AI for all that ails American health care. But how smart is that?

Health technology investment and research company Rock Health reports that from 2011 to 2017, 121 digital health companies earned $2.7 billion in venture funding to apply artificial intelligence (AI) to 19 areas ranging from drug research and development to clinical-decision support to health benefits administration.

Even the government is getting in on the action. Earlier this year, the Centers for Medicare & Medicaid Services (CMS) launched an AI outcomes challenge in which it offered $1.65 million total in prizes for AI models that predict hospital and skilled nursing facility readmissions and adverse events.

But for all the hope and hype about AI, good evidence is in short supply; much of it is patchy and cited selectively by proponents.

Eric Topol, founder and director of Scripps Research Translational Institute and an early adopter of remote patient monitoring, is optimistic about AI’s use in genomic and other kinds of basic research. However, he noted, “The field is certainly high on promise and relatively low on data and proof.”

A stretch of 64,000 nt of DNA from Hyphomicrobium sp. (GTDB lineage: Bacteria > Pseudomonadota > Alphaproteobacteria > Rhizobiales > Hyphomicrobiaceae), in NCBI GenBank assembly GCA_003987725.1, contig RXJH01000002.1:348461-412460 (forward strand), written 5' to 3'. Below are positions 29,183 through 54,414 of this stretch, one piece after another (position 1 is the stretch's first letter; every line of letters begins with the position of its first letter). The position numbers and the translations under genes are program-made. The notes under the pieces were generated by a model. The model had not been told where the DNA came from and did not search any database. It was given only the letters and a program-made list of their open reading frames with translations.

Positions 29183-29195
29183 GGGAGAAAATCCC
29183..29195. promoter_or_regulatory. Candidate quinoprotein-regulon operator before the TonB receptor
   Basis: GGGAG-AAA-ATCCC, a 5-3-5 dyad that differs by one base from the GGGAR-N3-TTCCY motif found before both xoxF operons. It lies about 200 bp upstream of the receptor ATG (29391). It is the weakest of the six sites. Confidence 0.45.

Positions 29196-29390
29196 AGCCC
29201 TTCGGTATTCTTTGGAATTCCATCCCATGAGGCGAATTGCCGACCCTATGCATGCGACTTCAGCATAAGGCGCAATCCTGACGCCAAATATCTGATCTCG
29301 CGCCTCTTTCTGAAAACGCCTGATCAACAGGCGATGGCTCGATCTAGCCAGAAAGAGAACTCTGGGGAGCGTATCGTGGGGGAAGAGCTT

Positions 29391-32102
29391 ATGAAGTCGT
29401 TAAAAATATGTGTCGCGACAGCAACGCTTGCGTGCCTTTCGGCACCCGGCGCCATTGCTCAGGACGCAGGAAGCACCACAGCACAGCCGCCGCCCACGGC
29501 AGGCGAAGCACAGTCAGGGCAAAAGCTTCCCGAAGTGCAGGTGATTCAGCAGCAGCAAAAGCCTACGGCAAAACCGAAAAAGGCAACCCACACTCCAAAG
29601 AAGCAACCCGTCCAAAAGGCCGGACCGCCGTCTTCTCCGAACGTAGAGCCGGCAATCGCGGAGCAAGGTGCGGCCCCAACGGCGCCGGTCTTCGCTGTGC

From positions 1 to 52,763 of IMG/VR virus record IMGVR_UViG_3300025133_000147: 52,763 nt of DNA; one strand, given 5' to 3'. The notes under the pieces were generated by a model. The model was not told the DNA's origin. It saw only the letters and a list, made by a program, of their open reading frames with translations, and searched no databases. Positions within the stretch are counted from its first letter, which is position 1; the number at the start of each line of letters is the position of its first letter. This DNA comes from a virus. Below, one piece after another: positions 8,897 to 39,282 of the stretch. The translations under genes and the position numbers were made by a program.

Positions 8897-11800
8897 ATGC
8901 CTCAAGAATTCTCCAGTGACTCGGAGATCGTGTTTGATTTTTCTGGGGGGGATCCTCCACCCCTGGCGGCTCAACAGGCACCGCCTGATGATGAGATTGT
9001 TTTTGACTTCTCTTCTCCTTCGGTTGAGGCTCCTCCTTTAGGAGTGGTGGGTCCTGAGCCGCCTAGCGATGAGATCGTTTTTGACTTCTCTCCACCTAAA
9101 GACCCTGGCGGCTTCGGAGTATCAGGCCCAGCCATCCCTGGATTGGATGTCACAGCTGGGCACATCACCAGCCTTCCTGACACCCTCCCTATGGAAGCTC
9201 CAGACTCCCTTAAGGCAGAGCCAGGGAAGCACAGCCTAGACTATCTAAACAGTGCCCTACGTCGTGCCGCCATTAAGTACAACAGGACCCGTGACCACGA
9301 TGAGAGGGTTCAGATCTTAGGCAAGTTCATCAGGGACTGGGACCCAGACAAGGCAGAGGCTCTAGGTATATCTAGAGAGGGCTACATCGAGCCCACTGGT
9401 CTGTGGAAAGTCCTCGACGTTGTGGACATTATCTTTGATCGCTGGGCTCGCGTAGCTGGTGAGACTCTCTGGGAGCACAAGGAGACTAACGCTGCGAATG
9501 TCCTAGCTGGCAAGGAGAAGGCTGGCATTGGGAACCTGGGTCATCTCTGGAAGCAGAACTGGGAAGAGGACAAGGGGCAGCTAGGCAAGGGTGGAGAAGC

AI is currently employed in American health care in one of two general areas: improving clinical care or streamlining administrative inefficiencies. While AI’s analysis of images and diagnoses of diseases catch headlines, its uses in detecting insurance fraud, reducing documentation time for doctors, and automated customer service are its more typical uses.

When it comes to AI, Topol argues that real-world clinical validation is important because a model’s accuracy doesn’t guarantee it will actually work in a clinical setting or improve outcomes.

As with any application of computers and technology, the aphorism GIGO—garbage in, garbage out—still applies to AI. “We should be thinking about testing data sets like a drug,” said physician and venture capital investor Bob Kocher.

The FDA agrees. It is tackling AI safety by subjecting AI-based software intended to “treat, diagnose, cure, mitigate, or prevent disease” to the same approval process that medical devices face.

Patient safety isn’t the only problem facing AI. Some say AI could perpetuate or even exacerbate the inequities in the U.S. health care system. If AI is trained with data sets that don’t adequately sample a specific group, their “thinking” may be blind to issues particular to that group. For example, ethnic populations and women are often underrepresented in health care data sets.

All in all, AI is ultimately just a tool, not a panacea, says Rock Health Research Leader Megan Zweig.

This post originally appeared in Managed Care Magazine.